Thanks to the rigorous approach applied by the researchers and technical experts, PAMF was able to get quantitative insights into the benefits it delivers. This evidence will help PAMF substantiate its impact for existing and potential investors. The study also pointed PAMF and the fund manager towards things they can do better, to catalyse greater impact. They are looking at ways to further empower women and boost their capacity to benefit from borrowing, and ways to help customers make investments in bulkier productive assets, allowing them to boost their earning potential in the longer-term.

For example, increasing the loan sizes offered to successful repeat client groups could help to increase impact while keeping risk low. In addition, some of the clients may be ready to move on to PAMF’s recently launched loan product aimed at small and medium-sized enterprises. These loans are slightly larger and allow eligible clients to move away from the group lending modality.

EU bank impact studies of impact investments

Impact measurement is central to the European Investment Bank’s business in developing countries. Since its inception in 1958, the European Investment Bank has invested over €1 trillion, around 10% of it outside the EU. These investments are selected and designed to generate social, economic and environmental benefits, alongside financial sustainability. The European Investment Bank tracks the development results of every investment to understand what works and how we can further enhance our impact.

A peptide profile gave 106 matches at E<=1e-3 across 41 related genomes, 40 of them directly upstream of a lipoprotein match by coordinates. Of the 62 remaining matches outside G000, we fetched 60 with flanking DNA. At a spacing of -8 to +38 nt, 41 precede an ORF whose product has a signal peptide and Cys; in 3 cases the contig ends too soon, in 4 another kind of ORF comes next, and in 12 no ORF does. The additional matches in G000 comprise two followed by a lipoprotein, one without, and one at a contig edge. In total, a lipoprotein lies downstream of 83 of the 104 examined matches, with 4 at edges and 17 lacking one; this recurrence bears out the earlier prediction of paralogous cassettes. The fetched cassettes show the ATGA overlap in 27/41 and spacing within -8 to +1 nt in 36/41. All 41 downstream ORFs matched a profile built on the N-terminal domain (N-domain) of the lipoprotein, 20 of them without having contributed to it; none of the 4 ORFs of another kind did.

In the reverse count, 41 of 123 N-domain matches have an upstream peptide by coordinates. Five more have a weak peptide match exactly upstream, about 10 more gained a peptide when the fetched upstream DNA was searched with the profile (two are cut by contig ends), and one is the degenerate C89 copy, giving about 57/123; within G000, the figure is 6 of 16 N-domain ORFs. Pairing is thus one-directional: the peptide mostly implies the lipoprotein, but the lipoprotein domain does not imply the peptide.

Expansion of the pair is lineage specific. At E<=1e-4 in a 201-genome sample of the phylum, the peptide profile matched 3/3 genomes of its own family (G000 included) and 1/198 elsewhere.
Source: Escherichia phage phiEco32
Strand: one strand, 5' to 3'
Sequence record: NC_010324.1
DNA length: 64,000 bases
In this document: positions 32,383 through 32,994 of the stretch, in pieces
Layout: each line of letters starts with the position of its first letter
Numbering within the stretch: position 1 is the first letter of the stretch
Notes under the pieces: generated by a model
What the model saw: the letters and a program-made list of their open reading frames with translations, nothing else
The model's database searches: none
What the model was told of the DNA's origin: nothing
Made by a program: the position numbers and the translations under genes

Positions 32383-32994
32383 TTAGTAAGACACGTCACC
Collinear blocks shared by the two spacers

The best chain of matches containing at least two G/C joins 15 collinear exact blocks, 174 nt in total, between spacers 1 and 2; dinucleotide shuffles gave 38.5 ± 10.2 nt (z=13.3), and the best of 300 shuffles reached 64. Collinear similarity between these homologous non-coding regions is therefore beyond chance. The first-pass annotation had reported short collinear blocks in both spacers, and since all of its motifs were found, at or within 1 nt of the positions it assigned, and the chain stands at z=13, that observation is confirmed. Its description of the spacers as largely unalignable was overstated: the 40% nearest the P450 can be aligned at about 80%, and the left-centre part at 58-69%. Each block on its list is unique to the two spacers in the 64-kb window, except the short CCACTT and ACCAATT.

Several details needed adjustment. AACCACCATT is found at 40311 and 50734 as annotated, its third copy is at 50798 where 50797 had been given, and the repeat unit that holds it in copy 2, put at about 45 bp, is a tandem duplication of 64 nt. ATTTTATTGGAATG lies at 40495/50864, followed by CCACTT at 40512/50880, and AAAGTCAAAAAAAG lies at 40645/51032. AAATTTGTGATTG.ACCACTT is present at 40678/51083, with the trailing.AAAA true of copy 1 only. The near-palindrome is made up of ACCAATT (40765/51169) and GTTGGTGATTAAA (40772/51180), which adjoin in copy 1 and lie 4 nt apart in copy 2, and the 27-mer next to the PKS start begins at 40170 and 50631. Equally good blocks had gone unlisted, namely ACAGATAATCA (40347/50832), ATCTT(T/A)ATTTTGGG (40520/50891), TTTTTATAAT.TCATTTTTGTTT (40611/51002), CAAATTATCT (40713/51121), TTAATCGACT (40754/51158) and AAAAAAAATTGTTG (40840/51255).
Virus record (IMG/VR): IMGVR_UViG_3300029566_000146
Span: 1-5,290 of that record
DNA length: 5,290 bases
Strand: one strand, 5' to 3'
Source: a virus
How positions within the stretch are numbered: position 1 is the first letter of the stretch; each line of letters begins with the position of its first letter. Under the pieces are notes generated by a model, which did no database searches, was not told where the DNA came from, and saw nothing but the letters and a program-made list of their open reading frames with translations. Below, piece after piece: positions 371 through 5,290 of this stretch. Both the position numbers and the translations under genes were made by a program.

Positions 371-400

The EIB has been piloting a programme of impact studies of private sector impact investments with the Global Development Network. The studies further deepen our understanding of the impacts of these projects. The programme goes beyond the results measurement the European Investment Bank does for every project by collecting data directly from the people who benefit. This requires boots on the ground and an understanding of local context, so the programme has mobilised 30 talented researchers from developing countries to carry out impact studies of impact investment projects in Africa, the Caribbean and the Pacific. The results of the first wave of studies can be found here.

The research is tailored to a diverse set of impact investments. The investments made by the European Investment Bank range from direct investments in agri-business to support for innovative firms through venture capital funds and indirect lending to micro-enterprises through microfinance investment vehicles.

The researchers have been working with European Investment Bank clients to understand their business models and their development objectives. They then tailor their research to answer questions of mutual interest.

The programme is demonstrating how academically rigorous research can drive impact. Global Development Network has brought in globally renowned experts as impact advisors. The advisors ensure that the studies are carried out with maximum rigour and using the latest methods. Their stamp of approval ensures that the results are a reliable basis for decision-making to enhance development impacts by the European Investment Bank and our clients.

The European Investment Bank also aims to provide empirical evidence of the impact thesis of impact investment—that the private sector can be a key engine for sustainable development.

Nina Fenton and Claudio Cali are economists at the European Investment Bank, specialising in impact finance.